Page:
Probably one of the most well known festivals in Cornwall. Stretching over a week of festivities, and centering around Mazey Day, Penzance and surrounding areas comes alive in a riot of colour, music and dance. With street parties, live music and family-fun activities throughout the festive period, this is not one to miss.Parade-Crowds.c1

2: St Pirans Day (5th March)

Without a shadow’s doubt, St. Piran’s Day is the biggest party going. Celebrating the venerated miner’s saint, Cornwall gets decked out to celebrate this fantastic figure. No matter what town/village you’ll be in, there will be celebrations galore. Watch out for local schools performing traditional dances and local dress.

3: ‘Obby ‘Oss (1st May)

Centering around May Day, this Padstow-based festival has its origins in the 1600s. With the festivities starting at midnight, and maypole dancing throughout the day, this festival also has amusing hijinks throughout the day, with young maidens being ‘captured’ by the ‘Obby ‘Osses. If you want to see one of the more quirky Cornish festivals, this is the one to see.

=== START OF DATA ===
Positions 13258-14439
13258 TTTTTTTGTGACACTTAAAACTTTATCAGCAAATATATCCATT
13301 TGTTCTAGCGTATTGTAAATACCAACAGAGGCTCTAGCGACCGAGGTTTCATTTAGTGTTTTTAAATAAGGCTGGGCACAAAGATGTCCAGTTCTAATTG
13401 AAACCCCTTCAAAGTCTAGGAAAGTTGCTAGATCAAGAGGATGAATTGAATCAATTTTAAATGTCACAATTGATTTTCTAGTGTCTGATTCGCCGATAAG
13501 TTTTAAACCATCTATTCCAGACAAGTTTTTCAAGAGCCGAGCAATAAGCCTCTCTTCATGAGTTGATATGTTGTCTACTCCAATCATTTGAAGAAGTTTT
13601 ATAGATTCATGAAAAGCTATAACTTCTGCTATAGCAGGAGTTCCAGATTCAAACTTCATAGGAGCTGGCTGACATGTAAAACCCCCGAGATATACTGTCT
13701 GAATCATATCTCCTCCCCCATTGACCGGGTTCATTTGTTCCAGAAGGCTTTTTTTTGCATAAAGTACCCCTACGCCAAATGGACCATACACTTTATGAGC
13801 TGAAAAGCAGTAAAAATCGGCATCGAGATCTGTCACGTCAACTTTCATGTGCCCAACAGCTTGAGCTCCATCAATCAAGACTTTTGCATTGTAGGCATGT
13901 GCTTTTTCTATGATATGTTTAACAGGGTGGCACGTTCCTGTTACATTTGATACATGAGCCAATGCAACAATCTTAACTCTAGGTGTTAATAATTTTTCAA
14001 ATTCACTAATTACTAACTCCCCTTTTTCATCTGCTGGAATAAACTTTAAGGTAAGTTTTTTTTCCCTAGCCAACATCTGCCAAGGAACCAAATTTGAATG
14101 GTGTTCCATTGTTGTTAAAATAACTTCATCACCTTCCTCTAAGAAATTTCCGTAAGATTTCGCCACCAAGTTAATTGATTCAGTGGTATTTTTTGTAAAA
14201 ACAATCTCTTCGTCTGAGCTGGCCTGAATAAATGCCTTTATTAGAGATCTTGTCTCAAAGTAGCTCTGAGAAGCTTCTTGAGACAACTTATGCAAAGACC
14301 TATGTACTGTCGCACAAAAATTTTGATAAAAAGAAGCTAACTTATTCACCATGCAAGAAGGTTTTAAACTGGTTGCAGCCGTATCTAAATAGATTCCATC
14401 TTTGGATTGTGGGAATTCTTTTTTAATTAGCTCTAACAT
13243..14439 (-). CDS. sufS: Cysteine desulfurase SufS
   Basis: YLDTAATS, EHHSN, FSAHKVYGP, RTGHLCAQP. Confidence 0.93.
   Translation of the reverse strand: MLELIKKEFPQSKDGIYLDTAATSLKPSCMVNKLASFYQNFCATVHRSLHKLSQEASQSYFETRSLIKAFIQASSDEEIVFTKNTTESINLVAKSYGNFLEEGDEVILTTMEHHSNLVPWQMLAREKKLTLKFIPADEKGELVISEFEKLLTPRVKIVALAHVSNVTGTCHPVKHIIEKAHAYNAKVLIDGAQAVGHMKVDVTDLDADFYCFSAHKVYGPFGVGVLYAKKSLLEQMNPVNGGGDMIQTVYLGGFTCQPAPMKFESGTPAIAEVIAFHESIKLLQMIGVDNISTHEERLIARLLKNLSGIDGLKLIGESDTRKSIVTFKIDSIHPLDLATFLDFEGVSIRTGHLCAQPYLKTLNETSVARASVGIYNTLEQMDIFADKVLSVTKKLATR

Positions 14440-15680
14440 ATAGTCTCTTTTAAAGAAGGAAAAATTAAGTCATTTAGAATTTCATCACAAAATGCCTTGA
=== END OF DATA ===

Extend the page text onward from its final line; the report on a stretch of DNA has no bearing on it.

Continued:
4: Tom Bawcock’s Eve (23rd December)

One of the most famed West Penwith festivals, this night kicks off the Christmas period for many. The village of Mousehole really comes into its own over Christmas, thanks to its world-famous lights, and the Yuletide celebration culminates in this celebration and memorial of legendary fisherman, Tom Bawcock. With Stargazy pie being served up and Bawcock’s exploits being celebrated, this is a real community event that always guarantees a crowd and a sing-song.


Significant Feast Days

  • St Hilary Feast Day – Closest Sunday to the 13th January
  • Ludgvan Feast – Monday and Sunday closest to the 29th January
  • St Kew Feast Day – 8th May
  • St Ives Feast Day (Saint Ia) – 5th/6th February
  • Ludgvan Feast – Closest Sunday/Monday to the 25th January